Claire Fraser’s quick thinking during a standoff with the Redcoats provided an opportunity for an “Outlander” character to later make good on a promise.
(Spoiler alert! This story contains details from “Outlander” Season 2, Episode 11 – “Vengeance Is Mine.”)
In Saturday night’s episode of the Starz series (penned by “Outlander” author Diana Gabaldon), Jamie Fraser and his men found themselves surrounded by Redcoats after they stopped at an empty church in a field to allow Claire to tend to an injured Rupert. After Claire posed as a widowed Englishwoman who was being held against her will, a deal was struck and she was traded to the Redcoats (in exchange for the Highlanders going free), and taken to the Duke of Sandringham’s estate for her “safety.
When Jamie and Murtagh arrived to rescue Claire, they learned the Duke arranged the attack on Claire, Mary and Murtagh back in Paris, something the dishonorable noble had his men carry out as a payment for a large debt he owed the Comte St. Germain. Back in France, Murtagh had promised Jamie he would one day lay vengeance at his feet for the incident, and in the “Vengeance is Mine” episode, the fierce Highlander made good on that pledge. He killed the Duke and presented Sandringham’s head to Claire and Mary.
Duncan Lacroix told Access Hollywood about how he got ready to film the scene and shared some details about the sequence just before the Duke’s exit that didn’t make the episode.
AccessHollywood.com: Let’s talk about the episode where [Murtagh gets] to kill the Duke of Sandringham and [he] chopped his head off and laid vengeance at the feet of Claire and Mary and Jamie and how fun that moment was for you [as an actor]. Were you excited that he got to do that?
Duncan Lacroix: It was a big thing. I was looking forward to it. It was just, the fact that I’m, you know, chopping Simon Callow’s head off more than anything at the end of the day because he’s one of these actors [I’ve] always greatly admired. But yeah, I just really got in the zone for that — that particular piece. I didn’t talk to anyone. I get the impression that poor Simon walked away from the set thinking I’m actually a psychopath, because… I had lots of N.W.A. hip-hop blaring away in my headphones, wouldn’t talk to anyone and then, just went in there and steamed into it. … I think it’s been cut out, but we did have a bit of Gaelic. Murtagh says a stream of Gaelic to Sandringham before he kills him, which was just kind of a nice launchpad for me as well.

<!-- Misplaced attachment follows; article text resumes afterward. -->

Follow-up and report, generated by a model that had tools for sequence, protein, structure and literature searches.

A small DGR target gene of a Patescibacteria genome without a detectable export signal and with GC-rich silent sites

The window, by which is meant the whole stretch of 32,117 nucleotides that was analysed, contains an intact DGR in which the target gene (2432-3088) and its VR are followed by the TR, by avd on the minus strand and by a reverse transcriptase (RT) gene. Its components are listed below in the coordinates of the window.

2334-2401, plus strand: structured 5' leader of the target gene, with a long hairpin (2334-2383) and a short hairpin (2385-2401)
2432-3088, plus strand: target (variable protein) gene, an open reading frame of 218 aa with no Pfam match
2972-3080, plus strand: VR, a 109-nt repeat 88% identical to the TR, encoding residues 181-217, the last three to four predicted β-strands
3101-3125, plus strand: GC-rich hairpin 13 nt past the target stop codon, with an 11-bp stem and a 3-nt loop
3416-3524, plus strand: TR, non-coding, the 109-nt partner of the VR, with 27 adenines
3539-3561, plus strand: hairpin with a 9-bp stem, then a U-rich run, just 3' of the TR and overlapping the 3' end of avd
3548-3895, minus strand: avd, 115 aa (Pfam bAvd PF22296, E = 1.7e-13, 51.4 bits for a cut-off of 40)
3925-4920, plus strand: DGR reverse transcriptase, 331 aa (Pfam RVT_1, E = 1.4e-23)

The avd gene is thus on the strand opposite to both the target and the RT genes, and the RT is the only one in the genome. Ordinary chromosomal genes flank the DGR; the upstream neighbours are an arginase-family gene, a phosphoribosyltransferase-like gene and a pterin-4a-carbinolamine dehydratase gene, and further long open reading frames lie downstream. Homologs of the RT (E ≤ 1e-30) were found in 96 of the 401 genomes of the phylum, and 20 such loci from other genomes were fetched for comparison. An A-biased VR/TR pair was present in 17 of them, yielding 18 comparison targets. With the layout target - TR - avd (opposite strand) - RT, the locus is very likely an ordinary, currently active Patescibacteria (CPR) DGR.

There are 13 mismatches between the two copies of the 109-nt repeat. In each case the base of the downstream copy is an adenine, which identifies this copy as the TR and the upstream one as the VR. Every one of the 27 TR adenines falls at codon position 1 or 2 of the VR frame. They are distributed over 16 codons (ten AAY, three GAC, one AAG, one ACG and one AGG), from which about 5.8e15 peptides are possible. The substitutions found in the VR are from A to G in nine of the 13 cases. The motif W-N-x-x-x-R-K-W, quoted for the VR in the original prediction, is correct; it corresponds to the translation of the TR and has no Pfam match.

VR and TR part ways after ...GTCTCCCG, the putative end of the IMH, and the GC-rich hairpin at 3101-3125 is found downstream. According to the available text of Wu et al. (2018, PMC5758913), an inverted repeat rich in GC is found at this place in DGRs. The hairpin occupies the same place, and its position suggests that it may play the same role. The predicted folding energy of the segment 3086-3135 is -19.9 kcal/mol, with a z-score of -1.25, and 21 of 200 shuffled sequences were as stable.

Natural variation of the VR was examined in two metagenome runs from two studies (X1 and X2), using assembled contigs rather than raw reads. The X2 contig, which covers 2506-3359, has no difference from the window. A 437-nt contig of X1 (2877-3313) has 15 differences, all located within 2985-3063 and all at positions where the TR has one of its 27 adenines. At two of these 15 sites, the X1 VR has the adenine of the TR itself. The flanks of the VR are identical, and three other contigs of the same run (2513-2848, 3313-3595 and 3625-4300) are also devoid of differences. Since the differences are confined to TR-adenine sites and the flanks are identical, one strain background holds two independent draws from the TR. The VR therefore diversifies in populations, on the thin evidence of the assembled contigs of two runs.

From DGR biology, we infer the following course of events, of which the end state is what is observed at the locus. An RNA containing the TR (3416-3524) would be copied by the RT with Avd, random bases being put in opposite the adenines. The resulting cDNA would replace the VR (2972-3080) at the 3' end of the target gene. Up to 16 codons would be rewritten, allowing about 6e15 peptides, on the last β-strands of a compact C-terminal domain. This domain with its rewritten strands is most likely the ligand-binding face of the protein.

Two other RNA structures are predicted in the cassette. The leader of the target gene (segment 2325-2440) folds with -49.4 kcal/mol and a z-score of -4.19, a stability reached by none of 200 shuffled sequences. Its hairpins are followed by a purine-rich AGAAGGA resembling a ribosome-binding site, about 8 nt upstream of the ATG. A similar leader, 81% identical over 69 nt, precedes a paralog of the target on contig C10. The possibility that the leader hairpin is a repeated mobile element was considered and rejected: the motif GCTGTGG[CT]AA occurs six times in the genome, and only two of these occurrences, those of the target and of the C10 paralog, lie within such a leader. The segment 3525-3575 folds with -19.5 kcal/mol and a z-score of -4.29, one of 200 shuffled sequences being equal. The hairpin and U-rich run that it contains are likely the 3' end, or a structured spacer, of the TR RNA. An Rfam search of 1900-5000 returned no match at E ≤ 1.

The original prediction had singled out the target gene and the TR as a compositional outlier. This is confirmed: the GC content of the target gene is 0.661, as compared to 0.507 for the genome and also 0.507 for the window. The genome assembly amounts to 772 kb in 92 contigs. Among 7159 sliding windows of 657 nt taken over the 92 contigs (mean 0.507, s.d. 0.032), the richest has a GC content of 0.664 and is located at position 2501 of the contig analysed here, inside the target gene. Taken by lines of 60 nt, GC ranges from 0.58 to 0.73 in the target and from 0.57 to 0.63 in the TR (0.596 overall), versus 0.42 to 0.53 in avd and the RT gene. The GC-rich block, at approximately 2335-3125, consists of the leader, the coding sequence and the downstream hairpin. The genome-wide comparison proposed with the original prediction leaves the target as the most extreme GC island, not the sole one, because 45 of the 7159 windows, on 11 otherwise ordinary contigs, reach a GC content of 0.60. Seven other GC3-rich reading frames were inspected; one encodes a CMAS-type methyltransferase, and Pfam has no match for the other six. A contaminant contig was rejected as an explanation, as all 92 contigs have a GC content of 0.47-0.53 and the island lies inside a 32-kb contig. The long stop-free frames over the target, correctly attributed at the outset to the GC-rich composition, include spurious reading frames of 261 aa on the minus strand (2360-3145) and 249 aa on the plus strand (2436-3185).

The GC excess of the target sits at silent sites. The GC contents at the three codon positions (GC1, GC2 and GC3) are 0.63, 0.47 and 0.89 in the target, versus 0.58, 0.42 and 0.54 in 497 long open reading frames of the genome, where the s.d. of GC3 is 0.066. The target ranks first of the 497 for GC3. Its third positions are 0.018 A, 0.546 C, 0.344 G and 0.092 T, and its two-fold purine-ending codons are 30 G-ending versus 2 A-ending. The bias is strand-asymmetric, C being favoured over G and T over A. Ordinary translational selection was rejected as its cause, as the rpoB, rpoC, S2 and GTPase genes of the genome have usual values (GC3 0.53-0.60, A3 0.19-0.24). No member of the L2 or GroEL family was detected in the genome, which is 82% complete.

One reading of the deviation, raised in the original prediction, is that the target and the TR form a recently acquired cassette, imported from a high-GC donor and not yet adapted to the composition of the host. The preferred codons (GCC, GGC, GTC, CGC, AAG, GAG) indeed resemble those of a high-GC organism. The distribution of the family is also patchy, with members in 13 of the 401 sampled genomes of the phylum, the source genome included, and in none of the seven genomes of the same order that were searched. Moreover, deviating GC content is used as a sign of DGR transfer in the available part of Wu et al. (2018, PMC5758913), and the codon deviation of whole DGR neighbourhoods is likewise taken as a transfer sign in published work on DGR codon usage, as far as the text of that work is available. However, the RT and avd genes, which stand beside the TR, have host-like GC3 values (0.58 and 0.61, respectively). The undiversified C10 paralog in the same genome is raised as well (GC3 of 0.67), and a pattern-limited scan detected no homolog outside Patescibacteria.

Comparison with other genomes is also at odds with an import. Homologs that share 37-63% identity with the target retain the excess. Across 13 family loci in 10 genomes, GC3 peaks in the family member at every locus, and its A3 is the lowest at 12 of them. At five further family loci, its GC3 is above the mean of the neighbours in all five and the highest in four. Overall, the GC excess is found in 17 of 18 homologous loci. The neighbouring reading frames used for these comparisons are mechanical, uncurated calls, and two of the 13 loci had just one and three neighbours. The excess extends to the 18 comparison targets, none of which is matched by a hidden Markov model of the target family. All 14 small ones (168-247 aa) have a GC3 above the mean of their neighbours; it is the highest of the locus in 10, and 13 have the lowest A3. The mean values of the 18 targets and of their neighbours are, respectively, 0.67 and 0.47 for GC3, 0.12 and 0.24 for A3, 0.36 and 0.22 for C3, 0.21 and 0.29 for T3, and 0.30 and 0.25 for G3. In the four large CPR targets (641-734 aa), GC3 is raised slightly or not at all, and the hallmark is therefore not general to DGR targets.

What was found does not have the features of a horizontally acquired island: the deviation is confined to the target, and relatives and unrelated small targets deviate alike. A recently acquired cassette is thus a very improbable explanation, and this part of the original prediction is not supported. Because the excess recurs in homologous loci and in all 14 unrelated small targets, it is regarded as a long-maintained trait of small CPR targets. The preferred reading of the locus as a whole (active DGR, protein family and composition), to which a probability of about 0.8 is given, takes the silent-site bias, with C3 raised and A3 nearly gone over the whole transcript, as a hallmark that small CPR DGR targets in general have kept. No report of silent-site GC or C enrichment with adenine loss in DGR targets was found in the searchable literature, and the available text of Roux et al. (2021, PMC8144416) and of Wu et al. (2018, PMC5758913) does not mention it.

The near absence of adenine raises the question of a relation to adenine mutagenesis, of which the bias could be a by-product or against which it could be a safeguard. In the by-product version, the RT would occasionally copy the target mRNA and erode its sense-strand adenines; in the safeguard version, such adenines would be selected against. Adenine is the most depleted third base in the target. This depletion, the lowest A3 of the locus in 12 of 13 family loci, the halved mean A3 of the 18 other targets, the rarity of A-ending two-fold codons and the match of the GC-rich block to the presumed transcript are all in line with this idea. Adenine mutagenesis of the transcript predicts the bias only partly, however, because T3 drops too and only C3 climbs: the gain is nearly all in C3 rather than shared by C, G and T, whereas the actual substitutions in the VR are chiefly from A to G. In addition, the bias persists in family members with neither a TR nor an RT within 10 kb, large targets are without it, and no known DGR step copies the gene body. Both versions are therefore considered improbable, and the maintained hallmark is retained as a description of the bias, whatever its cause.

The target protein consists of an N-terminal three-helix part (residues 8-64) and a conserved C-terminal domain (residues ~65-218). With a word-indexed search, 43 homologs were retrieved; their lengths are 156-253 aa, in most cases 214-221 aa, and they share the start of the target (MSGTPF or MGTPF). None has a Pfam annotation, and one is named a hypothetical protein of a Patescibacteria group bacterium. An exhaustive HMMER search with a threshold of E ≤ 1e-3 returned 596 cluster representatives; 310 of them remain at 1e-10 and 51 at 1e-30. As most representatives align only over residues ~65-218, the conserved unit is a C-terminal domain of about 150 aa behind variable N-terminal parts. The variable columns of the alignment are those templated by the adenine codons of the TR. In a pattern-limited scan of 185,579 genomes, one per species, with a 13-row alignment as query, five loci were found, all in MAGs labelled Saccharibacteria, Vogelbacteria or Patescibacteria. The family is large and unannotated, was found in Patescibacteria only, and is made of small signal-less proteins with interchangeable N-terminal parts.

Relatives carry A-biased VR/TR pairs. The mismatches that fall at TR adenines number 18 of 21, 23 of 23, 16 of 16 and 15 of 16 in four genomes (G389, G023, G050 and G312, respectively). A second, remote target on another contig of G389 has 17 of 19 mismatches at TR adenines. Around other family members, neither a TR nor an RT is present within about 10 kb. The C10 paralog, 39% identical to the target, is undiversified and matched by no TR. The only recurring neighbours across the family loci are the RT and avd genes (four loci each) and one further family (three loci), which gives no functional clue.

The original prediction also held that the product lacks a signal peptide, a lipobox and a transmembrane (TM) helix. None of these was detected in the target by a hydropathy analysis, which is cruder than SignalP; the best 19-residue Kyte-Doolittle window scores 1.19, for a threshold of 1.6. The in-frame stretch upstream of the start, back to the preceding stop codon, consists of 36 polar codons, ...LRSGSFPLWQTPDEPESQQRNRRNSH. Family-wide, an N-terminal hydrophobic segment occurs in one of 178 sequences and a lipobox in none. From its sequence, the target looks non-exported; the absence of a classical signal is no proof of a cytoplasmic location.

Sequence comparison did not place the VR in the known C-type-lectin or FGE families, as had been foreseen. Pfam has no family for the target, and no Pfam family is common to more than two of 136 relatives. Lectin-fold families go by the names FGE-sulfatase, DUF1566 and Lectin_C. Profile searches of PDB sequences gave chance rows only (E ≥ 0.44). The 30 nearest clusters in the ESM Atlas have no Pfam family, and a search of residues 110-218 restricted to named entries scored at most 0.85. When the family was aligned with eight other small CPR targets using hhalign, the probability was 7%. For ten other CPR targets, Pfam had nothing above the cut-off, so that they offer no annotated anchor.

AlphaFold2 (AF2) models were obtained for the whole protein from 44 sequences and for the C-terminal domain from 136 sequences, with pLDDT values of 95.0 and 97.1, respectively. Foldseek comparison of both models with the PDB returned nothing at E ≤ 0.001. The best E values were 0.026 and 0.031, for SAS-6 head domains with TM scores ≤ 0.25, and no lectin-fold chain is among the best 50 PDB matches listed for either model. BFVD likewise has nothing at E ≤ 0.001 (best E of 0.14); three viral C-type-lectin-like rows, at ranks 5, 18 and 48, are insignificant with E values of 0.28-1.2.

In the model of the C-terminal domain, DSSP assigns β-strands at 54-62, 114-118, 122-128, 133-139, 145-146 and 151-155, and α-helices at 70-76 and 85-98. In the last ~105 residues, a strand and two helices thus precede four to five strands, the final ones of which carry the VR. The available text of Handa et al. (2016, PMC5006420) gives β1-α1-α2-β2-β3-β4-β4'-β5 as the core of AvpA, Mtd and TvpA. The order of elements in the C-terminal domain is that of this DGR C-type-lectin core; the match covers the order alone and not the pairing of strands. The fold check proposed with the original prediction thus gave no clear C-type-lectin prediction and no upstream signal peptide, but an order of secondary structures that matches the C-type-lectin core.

Access: Oh, because you get to swear at him or something in Gaelic?
Duncan: It was kind of a, ‘My name is Murtagh.’ It was my lineage and ‘now here I am to kill you,’ and it was all in Gaelic, and ’cause it’s such a guttural language, it really kind of like emphasized the scene for me, but it was just a nice launching pad to what you get to see in the episode, I think.
Access: We’ll have to petition them to put that on the Blu-Ray/DVD/Internet extras because I think a lot of people would probably like to see that. There’s been such a fascination I think, from fans with just seeing Gaelic [spoken] on screen. You’ve gotten really into it too, right? It’s just so much fun for you, right?
Duncan: Yeah, I mean, one of my favorite scenes from the first series was … [when] Jamie’s suicidal and the entire scene [between Murtagh and Jamie] was just in Gaelic. It’s just so kind of freeing, really, when you’re acting that way, because it just becomes more about really trying to convey the emotion, knowing that you’re not going to be understood, so you’re not relying on the content of the dialogue, really. And it’s just the sound of it is just so… it’s like an onomatopoeia of emotions. It just sounds like what you’re feeling. It’s hard to describe.
Access: But I think singing is like that too. I can listen to a song in another language, and if someone’s doing it right, I’m going to understand.
Duncan: Absolutely. Yeah, it just becomes universal.
“Outlander” continues Saturday nights at 9 PM ET/PT on Starz. We’ll have more from our interview with Duncan next week.
— Jolie Lash
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